What the unions want: salary increases of course
This is the second time that this leader is treating the question of
collective agreements. We can see that the unions have two languages
for one problem.
One union calls for a restraint on public expenditure and, on the other
hand, they also call for bloated salaries for their members.
The news that a union was asking for salaries of Lm14,000 plus for not
very skilled workers is down-right shocking.
And this is the great advantage of unions. They are like the legal profession
- their first commitment is to their clients, the members, fullstop.
Their members are basically motivated by one criterion, their salary.
Other peripheral considerations are very low in the list of priorities.
We have always argued that the government must withstand pressures from
the unions and not budge and we would say this irrespective of the government
A more serious consideration, however, is the fact that most of these
requests are being made to public companies or semi-public companies.
Most of these already receive sizeable subventions, which will have
to originate from direct contributions from tax-paying folk.
And no one is in any mood to fork out more for inefficient, overpaid
and under-productive workers.
This cannot go on
We are not accusing anyone of insider trading, but we are far from
pleased with the dealings and pressures associated with certain stockbrokers
and their relfection on certain share prices.
It would be a dreadful scandal if we were to carry the names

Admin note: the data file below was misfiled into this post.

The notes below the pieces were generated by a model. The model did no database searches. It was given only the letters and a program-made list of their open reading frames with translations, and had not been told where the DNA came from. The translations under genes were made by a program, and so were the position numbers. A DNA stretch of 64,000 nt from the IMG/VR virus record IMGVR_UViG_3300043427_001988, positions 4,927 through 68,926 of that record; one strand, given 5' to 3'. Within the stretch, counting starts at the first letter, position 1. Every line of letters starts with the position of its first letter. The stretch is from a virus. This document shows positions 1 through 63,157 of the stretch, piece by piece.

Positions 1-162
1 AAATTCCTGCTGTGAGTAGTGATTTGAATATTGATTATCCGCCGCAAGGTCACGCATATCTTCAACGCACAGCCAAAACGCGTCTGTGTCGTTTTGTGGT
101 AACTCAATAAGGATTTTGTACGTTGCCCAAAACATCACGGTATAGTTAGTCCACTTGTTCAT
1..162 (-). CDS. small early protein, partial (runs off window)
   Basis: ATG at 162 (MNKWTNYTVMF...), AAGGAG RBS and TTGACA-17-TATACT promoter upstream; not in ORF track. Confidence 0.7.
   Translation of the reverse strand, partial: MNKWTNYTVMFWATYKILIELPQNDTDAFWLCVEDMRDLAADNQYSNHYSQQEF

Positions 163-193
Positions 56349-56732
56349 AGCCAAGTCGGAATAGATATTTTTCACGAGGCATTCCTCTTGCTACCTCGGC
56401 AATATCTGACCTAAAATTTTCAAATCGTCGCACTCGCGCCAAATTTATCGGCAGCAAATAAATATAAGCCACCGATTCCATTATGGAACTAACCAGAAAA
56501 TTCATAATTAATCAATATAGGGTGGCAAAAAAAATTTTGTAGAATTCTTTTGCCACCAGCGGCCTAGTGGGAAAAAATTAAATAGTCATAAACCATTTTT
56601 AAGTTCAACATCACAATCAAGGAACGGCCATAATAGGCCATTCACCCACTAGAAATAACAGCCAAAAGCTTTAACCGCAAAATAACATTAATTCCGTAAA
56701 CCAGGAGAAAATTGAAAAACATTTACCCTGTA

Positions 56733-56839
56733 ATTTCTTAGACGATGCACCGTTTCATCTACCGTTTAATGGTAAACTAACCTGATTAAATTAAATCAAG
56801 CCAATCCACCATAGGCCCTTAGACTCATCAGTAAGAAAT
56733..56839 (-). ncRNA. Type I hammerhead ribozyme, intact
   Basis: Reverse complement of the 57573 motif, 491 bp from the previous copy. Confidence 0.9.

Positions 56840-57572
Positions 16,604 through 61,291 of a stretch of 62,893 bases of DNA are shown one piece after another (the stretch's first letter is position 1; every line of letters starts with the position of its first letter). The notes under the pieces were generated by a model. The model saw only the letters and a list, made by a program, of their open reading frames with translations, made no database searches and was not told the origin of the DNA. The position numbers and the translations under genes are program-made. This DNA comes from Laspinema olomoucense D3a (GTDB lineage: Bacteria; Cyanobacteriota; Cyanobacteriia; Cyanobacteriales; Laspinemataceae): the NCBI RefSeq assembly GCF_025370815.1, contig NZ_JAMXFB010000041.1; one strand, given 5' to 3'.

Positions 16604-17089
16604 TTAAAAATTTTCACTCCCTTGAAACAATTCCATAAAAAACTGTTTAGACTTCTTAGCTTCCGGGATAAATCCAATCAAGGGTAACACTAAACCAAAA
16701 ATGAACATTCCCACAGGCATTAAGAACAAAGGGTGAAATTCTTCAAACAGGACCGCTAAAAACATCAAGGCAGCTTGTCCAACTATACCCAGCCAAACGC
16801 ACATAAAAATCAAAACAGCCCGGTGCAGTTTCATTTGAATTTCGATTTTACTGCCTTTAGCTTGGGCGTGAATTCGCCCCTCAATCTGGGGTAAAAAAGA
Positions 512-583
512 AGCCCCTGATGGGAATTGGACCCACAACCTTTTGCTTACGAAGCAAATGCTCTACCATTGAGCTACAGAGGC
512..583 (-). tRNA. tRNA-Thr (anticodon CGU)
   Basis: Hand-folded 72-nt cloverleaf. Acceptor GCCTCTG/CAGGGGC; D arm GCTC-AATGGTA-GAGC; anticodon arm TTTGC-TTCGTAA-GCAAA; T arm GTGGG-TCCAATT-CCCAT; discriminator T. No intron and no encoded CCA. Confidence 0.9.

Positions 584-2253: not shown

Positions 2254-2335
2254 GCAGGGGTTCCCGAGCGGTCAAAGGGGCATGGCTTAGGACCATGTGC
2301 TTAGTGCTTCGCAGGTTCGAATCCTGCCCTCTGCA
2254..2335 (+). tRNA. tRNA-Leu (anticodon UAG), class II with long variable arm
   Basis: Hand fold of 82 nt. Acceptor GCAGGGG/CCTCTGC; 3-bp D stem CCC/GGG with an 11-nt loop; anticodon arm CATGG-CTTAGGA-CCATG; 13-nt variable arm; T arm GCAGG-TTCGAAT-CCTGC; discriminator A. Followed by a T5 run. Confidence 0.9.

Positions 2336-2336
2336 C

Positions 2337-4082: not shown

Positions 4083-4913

of stockbrokers who also serve as corporate stockbrokers of different
entities vying to and fro, urging investors to sell or buy - in order
to either depreciate or ameliorate on share pricing to accommodate
one client at the expense of another.
What is worse is that the stockbrokers are acting in three different
ways, they urge some investors to sell, then urge another investor to
buy and then talk in private of the long-term viability of the companies.
This continues to fortify our argument that stockbrokers have no place
as financial advisors.
We need independent financial advisors who have no strings or profits
to watch out for.
The Berlusconi victory was not celebrated in European circles. Namely
because of the links the media magnate has with the secessionist Lega
Nord led by Bossi and the far right Alleanza Nazionale led by Fini.
Berlusconi also survived despite the media attack on his dubious dealings
with the Mafia and others.
The Italian electorate were happy to support this man because they adore
his success story and his business acumen.
They also gave little or no consideration to the fact that he now effectively
owns Rai and Mediaset.
It is now Italy Incorporated and not La Repubblica Italiana. It is indeed
a sad story for democracy.